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University of Virginia Charlottesville Office of the President January 13, 1912.

Mrs. Mary C. B. Munford,

503 E. Grace St.,
Richmond, VA.

My dear Mrs. Munford:

                   I have your kind letter and have seen all of

the paper and note the progress made, which is remarkable.

    As to the public hearing, I do wish that the hearing

could take place in a simple way and before a committee as a regular definite committee hearing, at which we could speak simply and practically and conversationally, permitting questions to be asked and the matter to be gone over. If it takes the form of a public meeting in the hall of a house at night with the galleries crowded and the whole meeting suggesting the propaganda side of the situation, it is impossible to approach the matter in the way sensible men would like to have it approached, and simply the oratorical and sentimental and the superficial gain control of the situation. The older I get, the more I believe in getting at the root of a thing in an intimate, practical way. At least it seems to me that this situation now calls for that sort of treatment. When I had to sweep out of our student life here a mass of foolish stuff and deal with the psychology of the lads, it was one thing. I want to serve you, of course, in every possible way. My Board is not a unit in this matter, by any means. They will do whatever they are bidden to do, however, and they will not deny me the right of exercising my own judgement.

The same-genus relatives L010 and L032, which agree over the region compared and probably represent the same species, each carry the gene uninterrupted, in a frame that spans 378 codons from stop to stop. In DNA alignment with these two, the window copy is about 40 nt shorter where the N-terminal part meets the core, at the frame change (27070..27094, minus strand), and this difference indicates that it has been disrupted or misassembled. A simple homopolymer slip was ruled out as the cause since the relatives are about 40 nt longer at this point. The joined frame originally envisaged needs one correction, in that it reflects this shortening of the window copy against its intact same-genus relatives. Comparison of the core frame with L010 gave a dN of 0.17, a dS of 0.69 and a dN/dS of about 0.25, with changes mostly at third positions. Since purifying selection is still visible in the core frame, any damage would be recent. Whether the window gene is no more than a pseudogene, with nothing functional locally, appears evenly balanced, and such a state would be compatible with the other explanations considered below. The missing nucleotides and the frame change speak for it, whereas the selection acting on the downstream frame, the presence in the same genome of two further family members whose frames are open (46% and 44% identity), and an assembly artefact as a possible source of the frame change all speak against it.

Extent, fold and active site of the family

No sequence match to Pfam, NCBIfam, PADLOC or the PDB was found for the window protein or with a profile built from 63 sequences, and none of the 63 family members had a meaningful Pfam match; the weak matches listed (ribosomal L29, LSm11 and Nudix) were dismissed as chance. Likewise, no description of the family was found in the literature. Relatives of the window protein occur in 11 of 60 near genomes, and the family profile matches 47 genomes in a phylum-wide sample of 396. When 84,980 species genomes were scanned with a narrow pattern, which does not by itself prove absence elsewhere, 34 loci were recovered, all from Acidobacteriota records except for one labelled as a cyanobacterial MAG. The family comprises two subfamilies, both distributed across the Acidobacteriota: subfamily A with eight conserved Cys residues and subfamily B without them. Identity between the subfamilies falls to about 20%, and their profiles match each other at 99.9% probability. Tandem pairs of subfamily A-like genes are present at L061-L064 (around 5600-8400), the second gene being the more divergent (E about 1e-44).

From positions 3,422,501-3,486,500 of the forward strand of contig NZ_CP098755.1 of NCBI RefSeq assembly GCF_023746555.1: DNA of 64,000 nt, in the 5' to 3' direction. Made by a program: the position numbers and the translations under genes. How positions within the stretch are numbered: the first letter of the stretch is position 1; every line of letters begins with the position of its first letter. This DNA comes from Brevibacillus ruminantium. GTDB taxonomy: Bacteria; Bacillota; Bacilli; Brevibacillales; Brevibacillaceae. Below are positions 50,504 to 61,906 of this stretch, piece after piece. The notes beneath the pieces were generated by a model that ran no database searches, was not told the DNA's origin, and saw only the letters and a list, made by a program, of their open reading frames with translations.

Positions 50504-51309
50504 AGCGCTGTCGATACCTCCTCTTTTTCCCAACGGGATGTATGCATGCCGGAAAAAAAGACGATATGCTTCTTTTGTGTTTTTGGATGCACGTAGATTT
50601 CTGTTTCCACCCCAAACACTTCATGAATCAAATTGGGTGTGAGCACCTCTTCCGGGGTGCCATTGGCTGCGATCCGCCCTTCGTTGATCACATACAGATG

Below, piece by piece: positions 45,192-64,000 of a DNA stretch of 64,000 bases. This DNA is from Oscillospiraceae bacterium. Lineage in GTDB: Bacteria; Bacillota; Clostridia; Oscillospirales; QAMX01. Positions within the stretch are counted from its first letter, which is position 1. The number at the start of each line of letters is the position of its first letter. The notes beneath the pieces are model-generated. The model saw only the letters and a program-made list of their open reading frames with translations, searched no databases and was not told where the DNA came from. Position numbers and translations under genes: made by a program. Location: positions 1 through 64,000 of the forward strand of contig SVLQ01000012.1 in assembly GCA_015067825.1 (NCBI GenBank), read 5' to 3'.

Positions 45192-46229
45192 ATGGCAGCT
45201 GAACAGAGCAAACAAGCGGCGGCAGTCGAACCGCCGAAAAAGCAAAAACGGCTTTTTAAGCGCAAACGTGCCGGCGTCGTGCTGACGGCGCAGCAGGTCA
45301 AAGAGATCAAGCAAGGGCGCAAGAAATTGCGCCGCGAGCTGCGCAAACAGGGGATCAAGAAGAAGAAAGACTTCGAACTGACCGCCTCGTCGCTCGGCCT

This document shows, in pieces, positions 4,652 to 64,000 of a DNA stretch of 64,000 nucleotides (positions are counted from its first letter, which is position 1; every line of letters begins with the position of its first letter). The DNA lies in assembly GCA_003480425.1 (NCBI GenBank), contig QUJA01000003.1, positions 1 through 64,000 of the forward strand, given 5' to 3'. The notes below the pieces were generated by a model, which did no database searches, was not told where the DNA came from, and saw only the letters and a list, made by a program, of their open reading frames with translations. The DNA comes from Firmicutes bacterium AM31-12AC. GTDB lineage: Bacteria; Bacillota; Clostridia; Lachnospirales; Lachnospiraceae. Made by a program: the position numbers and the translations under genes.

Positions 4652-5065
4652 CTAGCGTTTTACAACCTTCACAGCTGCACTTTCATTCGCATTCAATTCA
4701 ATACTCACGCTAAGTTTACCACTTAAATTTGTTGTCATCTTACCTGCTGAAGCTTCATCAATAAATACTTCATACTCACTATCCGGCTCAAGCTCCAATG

Very sincerely yours,
          Edwin A. Alderman